Types of CMD Chart

The chart includes 33 types of congenital muscular dystrophy, listed in alphabetical order (see chart below). To navigate the page more quickly, select your CMD type from the bulleted list.


Types of Congenital Muscular Dystrophies

CMD with adducted (drawn inward) thumbs, ophthalmoplegia (paralyzed eye muscles) and intellectual disability

Description: rare form of CMD with inward-drawn thumbs, contractures (permanent shortening) of the toe joints, weakness, lack of muscle tone, delayed walking, paralysis of eye muscles and intellectual disability

Molecular basis: unknown

Inheritance pattern: recessive (requires mutations in both copies of a gene to produce symptoms)

CMD with cardiomyopathy

Description: weakness beginning within first year; delayed motor milestones; slowly progressive; walking achieved in adolescence; contractures of the joints, neck and spine; progressive cardiomyopathy (cardiac muscle deterioration) beginning ages 5-12; cardiac rhythm abnormalities

Molecular basis: mutations in titin gene, causing deficiency of titin protein; protein normally plays a role in muscle assembly and force transmission in skeletal and cardiac muscles

Inheritance pattern: recessive (requires mutations in both copies of a gene to produce symptoms)

CMD with central nervous system atrophy and absence of large myelinated fibers in peripheral nervous system

Description: onset in newborn period; weakness, lack of muscle tone, poor motor function; respiratory failure in some; diminished size of major parts of the brain; joint contractures

Molecular basis: unknown

Inheritance pattern: recessive (requires mutations in both copies of a gene to produce symptoms)

CMD with cerebellar atrophy (diminished size of the cerebellum, a part of the brain involved in motor control)

Description: nonprogresssive form of CMD with onset by 7 months, weakness, lack of muscle tone, delayed motor milestones, lack of coordination of movements, difficulty speaking, involuntary eye movements and intellectual disability

Molecular basis: unknown

Inheritance pattern: possibly recessive (requires mutations in both copies of a gene to produce symptoms)

CMD with desmin inclusions (abnormal accumulations of the muscle protein desmin in some muscle fibers)

Description: onset of progressive weakness and low muscle tone at birth or during early infancy; small muscles; cardiac abnormalities in some; spinal curvatures at 8-14 years; joint contractures; respiratory impairment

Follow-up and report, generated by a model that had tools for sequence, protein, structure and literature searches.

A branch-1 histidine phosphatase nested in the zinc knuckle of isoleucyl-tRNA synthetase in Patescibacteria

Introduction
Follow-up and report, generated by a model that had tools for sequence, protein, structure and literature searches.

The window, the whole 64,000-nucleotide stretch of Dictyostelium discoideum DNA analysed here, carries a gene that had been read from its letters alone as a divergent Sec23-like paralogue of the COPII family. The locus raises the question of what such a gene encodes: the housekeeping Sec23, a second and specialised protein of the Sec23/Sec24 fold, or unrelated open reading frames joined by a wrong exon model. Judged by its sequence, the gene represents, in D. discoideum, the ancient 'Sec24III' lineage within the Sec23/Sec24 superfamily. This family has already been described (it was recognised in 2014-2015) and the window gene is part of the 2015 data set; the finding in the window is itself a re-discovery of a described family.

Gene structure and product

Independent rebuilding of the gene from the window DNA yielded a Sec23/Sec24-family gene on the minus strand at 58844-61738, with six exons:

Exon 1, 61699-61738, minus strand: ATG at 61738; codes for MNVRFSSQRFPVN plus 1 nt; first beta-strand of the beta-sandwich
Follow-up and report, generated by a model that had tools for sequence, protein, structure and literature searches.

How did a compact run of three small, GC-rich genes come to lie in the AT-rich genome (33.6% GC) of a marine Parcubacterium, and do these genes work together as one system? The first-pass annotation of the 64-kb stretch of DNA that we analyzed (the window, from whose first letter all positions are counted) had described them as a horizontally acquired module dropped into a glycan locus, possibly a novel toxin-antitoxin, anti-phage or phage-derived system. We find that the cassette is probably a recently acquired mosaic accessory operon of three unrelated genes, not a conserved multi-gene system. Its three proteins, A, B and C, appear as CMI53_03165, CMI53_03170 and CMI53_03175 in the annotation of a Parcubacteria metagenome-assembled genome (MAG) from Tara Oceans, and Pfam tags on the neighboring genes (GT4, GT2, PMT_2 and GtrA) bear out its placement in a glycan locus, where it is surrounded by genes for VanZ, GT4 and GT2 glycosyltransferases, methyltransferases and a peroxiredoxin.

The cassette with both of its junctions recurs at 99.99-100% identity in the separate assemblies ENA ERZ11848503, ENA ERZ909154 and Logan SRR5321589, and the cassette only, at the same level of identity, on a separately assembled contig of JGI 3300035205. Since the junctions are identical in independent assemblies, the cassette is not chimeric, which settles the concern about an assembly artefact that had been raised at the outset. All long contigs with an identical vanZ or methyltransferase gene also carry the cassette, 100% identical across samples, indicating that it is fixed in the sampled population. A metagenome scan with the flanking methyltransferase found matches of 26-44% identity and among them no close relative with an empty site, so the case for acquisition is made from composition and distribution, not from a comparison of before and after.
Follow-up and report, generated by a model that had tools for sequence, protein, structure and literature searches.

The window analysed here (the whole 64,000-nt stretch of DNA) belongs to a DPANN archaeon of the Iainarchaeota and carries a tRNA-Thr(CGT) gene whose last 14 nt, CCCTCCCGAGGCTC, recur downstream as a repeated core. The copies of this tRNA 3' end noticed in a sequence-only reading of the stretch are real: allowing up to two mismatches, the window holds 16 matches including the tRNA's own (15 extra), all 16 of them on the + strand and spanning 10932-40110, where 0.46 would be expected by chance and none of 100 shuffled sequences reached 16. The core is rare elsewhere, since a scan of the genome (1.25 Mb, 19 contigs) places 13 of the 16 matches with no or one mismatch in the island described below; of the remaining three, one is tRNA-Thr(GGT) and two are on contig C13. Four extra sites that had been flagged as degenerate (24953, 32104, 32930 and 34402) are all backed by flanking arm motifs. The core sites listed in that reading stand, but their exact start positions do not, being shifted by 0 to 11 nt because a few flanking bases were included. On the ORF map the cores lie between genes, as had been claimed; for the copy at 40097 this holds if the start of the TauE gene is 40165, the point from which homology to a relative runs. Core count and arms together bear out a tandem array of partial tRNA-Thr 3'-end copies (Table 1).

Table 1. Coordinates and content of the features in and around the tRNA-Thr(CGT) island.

Molecular basis: mutations in SEPN1 gene, causing deficiency of SEPN1 protein; protein is thought to play a role in early development or regeneration of muscle tissue

Inheritance pattern: recessive (requires mutations in both copies of a gene to produce symptoms)

CMD with integrin alpha 7 mutations

Description: early-onset low muscle tone, weakness; may walk at age 2-3; respiratory involvement with disease progression

Molecular basis: mutations in the integrin-alpha 7 gene, causing a deficiency of the integrin alpha 7 beta 1 protein; protein normally provides a link between muscle fibers and the surrounding matrix

Inheritance pattern: recessive (requires mutations in both copies of a gene to produce symptoms)

CMD with joint hyperlaxity (abnormally flexible joints)

Description: weakness, poor muscle tone and contractures from birth; slowly progressive; walking at 1-3 years; wheelchair later, between teens and 30s; reduced respiratory capacity that does not progress; contractures in some joints and abnormal flexibility in others; spinal curvature possible; normal intelligence

Molecular basis: thought to be due to mutations in the integrin alpha 9 gene, causing a deficiency of the integrin alpha 9 protein; protein normally plays a role in how cells stick to each other and to their surroundings

Inheritance pattern: recessive (requires mutations in both copies of a gene to produce symptoms)

CMD with familial junctional epidermolysis bullosa

Description: onset of weakness or poor muscle tone, with skin blistering, at birth; skin blisters with injury and heat; slowly progressive; many need wheelchair by age 10; elbow contractures; respiratory impairment; cardiomyopathy; diminished brain size; treatment with 3,4-diaminopyridine, which increases signal transmission from nerve to muscle, may be helpful

Molecular basis: mutations in the gene for the plectin protein, causing a deficiency of this protein; protein is thought to provide mechanical strength to cells and tissues

Inheritance pattern: recessive (requires mutations in both copies of a gene to produce symptoms)

CMD with muscle hypertrophy (enlargement of muscles); also called MDC1C

Description: low muscle tone and weakness starting in first weeks of life; may sit unassisted but walking not achieved; some muscles enlarged, especially calf muscles; other muscles small, especially in shoulder area; joint contractures in some; cognitive function usually normal; mild intellectual disability or speech problems can occur

Molecular basis: mutations in gene for fukutin-related protein (FKRP), leading to FKRP deficiency; protein normally helps glycosylate (sugar-coat) a protein called alpha-dystroglycan